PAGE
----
Chapter 33: The Atomic Nucleus and Radioactivity

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Chapter 33: The Atomic Nucleus and Radioactivity
Review questions pg. 658
5.
How do the electric charges of alpha, beta and gamma rays differ?
Ans. The alpha 'ray' consists of alpha particles. Each alpha particle has a +
2 charge.
The beta 'ray' consists of electrons. Each electron has a -1 charge. A
magnetic field will push the oppositely charged particles in opposite
directions.
The gamma ray consists of photons of light. They are not charged at
all.
6.
How does the source differ for a beam of gamma rays and a beam of X
rays.
Ans. Gamma rays come from the nuclei of some atoms. X rays come from
the reconfiguration of electrons surrounding the nucleus of an atom. They
may also be produced when an electron undergoes a large acceleration.
7.
Give two examples of a nucleon.
Ans. Protons and neutrons are found in the nuclei of atoms and are therefor
called nucleons.
11.
Give the atomic number for deuterium and for tritium.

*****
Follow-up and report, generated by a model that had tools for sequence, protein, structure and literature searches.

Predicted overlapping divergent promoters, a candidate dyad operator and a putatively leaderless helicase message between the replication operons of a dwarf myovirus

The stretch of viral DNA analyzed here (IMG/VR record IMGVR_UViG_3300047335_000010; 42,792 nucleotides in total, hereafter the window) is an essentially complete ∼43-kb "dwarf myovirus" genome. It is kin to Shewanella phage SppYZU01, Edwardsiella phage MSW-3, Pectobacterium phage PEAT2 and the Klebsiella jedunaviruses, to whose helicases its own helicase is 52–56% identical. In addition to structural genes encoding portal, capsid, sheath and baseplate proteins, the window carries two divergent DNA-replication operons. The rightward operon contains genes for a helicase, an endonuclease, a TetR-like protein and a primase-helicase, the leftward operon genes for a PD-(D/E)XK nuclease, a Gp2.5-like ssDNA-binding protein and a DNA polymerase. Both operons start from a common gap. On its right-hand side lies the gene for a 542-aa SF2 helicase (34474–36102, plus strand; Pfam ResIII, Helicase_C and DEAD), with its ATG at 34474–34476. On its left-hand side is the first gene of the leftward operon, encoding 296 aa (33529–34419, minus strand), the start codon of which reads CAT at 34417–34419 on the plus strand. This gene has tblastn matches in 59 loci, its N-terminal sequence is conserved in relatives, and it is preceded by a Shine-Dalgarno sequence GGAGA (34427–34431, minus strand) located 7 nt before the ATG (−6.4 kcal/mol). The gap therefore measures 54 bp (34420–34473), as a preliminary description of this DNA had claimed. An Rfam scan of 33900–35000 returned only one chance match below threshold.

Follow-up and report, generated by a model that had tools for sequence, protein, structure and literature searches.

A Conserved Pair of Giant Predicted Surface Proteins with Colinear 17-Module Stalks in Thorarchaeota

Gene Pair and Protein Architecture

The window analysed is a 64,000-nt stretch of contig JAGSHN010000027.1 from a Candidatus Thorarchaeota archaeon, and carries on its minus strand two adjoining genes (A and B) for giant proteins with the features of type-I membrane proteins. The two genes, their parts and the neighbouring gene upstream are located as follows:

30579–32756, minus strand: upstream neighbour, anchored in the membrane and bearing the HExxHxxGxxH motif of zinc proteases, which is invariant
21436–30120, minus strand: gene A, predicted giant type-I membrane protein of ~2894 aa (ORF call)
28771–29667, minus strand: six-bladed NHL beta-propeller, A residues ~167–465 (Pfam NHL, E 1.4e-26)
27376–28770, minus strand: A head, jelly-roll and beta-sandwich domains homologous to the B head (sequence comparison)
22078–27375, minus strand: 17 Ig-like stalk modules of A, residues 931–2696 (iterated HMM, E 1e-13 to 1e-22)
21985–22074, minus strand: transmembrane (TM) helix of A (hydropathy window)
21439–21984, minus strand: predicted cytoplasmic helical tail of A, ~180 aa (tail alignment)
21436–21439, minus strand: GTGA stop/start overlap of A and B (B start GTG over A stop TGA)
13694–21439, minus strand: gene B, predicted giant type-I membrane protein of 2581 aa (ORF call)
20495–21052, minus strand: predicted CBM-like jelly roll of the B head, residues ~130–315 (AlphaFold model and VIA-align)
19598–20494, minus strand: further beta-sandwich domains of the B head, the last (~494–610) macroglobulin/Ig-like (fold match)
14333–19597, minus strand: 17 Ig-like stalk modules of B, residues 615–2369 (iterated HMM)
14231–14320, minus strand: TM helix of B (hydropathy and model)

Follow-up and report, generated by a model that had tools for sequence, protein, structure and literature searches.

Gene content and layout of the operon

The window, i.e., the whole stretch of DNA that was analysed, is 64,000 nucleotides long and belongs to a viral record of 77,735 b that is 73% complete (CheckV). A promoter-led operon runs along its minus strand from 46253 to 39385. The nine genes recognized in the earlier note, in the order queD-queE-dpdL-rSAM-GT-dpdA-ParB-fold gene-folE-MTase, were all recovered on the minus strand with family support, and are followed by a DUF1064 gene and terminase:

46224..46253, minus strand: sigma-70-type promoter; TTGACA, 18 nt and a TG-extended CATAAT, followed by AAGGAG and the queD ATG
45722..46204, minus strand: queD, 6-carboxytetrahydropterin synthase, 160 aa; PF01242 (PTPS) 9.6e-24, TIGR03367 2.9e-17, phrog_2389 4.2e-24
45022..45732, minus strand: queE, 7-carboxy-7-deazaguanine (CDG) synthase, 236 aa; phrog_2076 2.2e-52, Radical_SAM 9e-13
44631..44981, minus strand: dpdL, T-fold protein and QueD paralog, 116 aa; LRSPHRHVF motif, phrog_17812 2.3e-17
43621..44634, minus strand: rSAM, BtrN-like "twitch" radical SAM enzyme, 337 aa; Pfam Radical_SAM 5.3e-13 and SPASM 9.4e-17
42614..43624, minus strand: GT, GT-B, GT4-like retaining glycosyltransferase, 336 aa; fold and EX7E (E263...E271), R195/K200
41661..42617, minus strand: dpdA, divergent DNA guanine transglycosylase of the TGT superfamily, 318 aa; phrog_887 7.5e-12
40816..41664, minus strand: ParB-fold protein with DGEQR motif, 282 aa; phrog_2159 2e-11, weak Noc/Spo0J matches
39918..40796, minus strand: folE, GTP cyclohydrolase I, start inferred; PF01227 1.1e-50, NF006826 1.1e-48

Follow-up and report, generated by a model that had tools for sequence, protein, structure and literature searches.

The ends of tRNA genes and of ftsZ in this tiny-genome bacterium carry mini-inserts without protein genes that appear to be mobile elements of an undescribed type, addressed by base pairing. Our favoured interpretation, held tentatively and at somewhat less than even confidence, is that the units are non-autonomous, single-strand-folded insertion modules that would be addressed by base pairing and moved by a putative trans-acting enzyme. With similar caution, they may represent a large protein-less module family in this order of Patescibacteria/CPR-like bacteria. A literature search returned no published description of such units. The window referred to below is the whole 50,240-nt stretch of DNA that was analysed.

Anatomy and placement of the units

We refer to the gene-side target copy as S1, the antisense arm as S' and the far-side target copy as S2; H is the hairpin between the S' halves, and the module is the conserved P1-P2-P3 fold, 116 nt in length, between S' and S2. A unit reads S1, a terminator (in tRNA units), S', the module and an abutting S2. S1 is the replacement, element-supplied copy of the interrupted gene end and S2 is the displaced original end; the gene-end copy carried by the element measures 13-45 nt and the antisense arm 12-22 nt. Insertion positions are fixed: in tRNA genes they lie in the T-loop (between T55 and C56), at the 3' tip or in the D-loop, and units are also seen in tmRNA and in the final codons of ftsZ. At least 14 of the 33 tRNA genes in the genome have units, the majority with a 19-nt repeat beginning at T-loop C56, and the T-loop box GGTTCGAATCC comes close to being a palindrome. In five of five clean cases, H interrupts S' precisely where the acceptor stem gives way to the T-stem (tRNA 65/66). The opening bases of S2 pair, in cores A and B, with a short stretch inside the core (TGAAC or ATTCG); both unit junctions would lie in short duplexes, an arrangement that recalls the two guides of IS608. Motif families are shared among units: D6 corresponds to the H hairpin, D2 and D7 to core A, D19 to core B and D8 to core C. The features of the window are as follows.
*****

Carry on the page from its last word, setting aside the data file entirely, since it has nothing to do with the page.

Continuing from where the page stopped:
Ans. Deuterium and tritium are both isotopes of hydrogen. Deuterium has
one proton and one neutron while tritium has one proton and two neutrons.
The both have atomic number 1.
Extra: How does the mass of a nucleon compare with the mass of an electron.
Ans. One nucleon is approximately 1800 times more massive than an
electron.
Extra: When beta emission occurs, what change takes place in an atomic
nucleus?
Ans. Beta emission occurs when a neutron emits an electron. The neutron
changes into a proton in the process. The atomic nucleus now has one more
proton that before the emission and thus is now an atom of a different
element.
13.
Distinguish between an isotope and an ion.
Ans. An isotope of an element has a different number of neutrons than a
different isotope of the same element. An ion is a charged atom. It is charged
because it does not have the same number of protons as electrons.
18.
What is meant by radioactive half-life?
Ans. Radioactive half-life is the time required for one half the remaining
radioactive nuclei to undergo radioactive decay.
24.
When thorium, atomic number 90, decays by emitting an alpha
particle, what is the atomic number of the resulting nucleus. What happens to
its atomic mass?
Ans. An alpha particle consists of two protons and two neutrons. When
thorium undergoes alpha decay, the remaining nucleus will have 88 protons
instead of 90. The new atom will be atomic number 88, which is radium-a
different element than before. The alpha particle consists of two protons and
two neutrons. Alpha decay reduces the atomic mass by four.